Drafted in the 12th round in 2010 after his senior season at the University of Virginia, Tyler Cannon wasn’t seen as an elite prospect. He hit just .201 for short season Mahoning Valley in 129 at bats after he was drafted, and didn’t hit a home run. In April alone for Lake County, Cannon hit 3 HR this season, and posted an incredible .382/.430/.632 line. He drove in 13 runs, and walked 8 times against 14 strikeouts. Cannon is 23 years old and a little old for the level, but he’s doing everything he can to get himself noticed and earn a promotion to Kinston.

Smit1_588x800Australian-born OF Jason Smit has struggled with injuries early in his career, playing in a career-high 86 games last year for Lake County. He’s still just 21, and finally appears to be healthy here in 2011. He opened the season with a bang, posting a .372/.468/.538 line for the month of April. He also popped 2 HR and drove in 11 runs. Like Cannon, Smit wasn’t really high on the prospect radar entering 2011, but is making waves early on as he tries to work his way up the ladder.

Local product Anthony Gallas was signed as a UDFA out of Kent State in June of 2010, and saw lots of action in Arizona for the complex leagues. Gallas grew up in Cleveland, and is getting a chance to perform in front of friends and family. The 23 year old OF is making the most of his chance, hitting .309/.382/.515 for the Captains during the first month of the season. Gallas should be used to the cold weather, so the near-freezing April temps have done little to slow down his offensive onslaught on the Midwest League. He hit 2 HR, drove in 8 runs, and has walked 7 times against 14 K’s.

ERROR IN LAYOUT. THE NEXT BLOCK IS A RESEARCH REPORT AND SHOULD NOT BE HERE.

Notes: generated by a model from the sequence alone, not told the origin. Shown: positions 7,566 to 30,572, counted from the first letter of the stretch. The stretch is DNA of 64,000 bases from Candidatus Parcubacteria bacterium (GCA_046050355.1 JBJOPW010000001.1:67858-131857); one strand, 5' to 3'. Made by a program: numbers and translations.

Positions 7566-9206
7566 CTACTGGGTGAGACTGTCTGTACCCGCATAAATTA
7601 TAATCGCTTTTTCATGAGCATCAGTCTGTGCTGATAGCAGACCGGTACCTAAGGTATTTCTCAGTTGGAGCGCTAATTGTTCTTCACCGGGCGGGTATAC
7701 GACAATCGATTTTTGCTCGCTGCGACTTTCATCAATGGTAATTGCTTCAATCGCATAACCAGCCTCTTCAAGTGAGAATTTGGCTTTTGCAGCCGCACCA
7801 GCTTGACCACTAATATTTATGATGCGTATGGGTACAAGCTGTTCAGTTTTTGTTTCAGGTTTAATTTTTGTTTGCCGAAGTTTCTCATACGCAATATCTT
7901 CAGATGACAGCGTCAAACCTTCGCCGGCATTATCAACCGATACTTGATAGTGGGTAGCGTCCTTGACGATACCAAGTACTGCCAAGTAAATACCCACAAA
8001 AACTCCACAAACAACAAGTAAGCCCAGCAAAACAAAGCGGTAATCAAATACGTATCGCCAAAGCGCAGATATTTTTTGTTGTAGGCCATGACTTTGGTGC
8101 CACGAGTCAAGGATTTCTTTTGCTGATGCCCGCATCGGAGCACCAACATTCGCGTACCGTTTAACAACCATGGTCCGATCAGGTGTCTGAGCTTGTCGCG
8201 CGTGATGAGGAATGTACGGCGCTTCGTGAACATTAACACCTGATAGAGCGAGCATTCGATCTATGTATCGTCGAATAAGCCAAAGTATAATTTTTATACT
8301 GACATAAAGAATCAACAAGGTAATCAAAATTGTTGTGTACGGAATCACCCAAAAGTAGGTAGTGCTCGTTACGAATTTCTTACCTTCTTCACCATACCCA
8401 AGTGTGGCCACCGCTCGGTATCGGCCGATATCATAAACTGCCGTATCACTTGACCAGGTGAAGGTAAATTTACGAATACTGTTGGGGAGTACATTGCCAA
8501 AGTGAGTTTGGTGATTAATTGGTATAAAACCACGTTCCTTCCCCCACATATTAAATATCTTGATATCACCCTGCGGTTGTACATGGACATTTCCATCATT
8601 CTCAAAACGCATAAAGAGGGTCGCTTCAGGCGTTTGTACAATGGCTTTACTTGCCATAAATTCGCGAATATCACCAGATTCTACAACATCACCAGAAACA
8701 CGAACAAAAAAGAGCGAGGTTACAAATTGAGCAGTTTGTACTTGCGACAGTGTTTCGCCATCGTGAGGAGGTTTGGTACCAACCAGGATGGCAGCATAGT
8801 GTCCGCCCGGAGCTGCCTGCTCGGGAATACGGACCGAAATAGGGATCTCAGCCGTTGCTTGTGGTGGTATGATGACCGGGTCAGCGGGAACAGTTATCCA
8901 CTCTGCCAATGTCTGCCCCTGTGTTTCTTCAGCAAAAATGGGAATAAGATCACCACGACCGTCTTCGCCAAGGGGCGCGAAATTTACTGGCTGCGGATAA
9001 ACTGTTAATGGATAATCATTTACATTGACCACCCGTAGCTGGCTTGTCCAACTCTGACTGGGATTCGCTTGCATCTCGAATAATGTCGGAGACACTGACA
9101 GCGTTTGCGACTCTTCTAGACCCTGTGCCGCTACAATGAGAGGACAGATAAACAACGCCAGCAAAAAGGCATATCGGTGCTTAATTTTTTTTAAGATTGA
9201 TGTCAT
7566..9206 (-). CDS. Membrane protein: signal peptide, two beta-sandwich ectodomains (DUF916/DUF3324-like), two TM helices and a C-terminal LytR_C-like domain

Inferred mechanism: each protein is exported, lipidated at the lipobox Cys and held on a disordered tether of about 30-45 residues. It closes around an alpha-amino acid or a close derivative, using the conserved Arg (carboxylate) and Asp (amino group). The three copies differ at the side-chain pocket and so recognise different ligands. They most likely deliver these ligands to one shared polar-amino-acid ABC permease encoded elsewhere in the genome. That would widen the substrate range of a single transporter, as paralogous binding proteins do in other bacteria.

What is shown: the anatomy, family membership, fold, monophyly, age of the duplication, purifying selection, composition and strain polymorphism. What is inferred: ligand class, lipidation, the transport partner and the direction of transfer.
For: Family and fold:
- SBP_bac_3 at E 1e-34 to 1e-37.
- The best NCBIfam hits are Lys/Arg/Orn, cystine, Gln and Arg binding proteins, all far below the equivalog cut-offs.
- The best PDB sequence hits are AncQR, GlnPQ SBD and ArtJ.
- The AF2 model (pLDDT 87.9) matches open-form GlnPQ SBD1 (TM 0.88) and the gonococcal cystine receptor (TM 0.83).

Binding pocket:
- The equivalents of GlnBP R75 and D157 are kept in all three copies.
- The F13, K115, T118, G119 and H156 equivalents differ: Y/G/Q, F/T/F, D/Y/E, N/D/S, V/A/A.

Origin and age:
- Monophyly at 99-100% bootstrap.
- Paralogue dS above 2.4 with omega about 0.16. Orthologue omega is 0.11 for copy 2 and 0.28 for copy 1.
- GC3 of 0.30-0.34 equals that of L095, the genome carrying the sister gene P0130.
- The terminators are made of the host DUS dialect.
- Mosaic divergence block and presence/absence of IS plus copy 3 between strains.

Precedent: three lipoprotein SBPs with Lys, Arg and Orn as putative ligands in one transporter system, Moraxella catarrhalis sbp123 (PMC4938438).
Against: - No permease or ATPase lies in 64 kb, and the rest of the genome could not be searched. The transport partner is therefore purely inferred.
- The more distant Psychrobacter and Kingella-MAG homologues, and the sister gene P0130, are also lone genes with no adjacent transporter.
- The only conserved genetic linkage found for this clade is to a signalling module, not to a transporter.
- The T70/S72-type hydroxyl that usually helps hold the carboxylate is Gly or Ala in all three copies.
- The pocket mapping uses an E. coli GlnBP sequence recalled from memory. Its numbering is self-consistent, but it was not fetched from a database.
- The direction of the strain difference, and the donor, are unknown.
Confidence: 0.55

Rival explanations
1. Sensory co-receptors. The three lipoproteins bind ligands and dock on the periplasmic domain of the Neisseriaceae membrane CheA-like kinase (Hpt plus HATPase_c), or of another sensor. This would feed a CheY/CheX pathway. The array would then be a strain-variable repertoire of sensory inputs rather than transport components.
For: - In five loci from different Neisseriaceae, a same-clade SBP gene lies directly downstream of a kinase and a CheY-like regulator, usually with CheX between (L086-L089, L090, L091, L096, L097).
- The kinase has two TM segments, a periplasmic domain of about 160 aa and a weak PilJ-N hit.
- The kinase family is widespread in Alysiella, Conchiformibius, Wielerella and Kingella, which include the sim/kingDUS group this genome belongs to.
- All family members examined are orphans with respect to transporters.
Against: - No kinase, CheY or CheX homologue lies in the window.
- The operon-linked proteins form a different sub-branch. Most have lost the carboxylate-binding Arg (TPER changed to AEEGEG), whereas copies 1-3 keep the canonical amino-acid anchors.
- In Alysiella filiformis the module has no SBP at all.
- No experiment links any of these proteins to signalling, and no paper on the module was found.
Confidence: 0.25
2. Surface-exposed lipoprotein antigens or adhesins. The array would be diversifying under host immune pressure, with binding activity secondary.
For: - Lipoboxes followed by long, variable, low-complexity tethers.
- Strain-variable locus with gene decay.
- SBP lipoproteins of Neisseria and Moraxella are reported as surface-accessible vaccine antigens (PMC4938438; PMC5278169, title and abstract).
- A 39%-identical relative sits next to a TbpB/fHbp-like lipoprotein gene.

Converted pitcher and speedy OF Carlos Moncrief got off to a slow start in 2011, but started heating up as April wore on. He was under the Mendoza Line for most of the month, but used a surge over the past two weeks to get his season line up to .238/.361/.500. He’s showing solid power potential for a guy who could stick in CF, hitting 3 HR, 8 2B, 2 3B and driving in 15 runs in 80 at bats. Moncrief will slide out of CF to make room for 2nd round pick LeVon Washington once he returns from injury, and the Captains will have a LOT of speed at the top of their lineup.

Big, Bad Jesus Aguilar is listed at 6’3, 241 on the Captains website, but looks bigger than that in person. I saw Aguilar absolutely crush a Aguilar1_621x800couple of home runs in spring training, and made a mental note to keep a close eye on him as the season progressed. Aguilar had an impressive first month of the season, putting up a .253/.341/.532 line with a team-leading 6 HR and 20 RBI. For his size, Aguilar moves pretty well around 1B, and is even a perfect 1-1 in his stolen base attempts this year. Kinston is hurting for power at the 1B position, and the 20-year old Aguilar could be launching his HR in the Carolina League by the end of this year.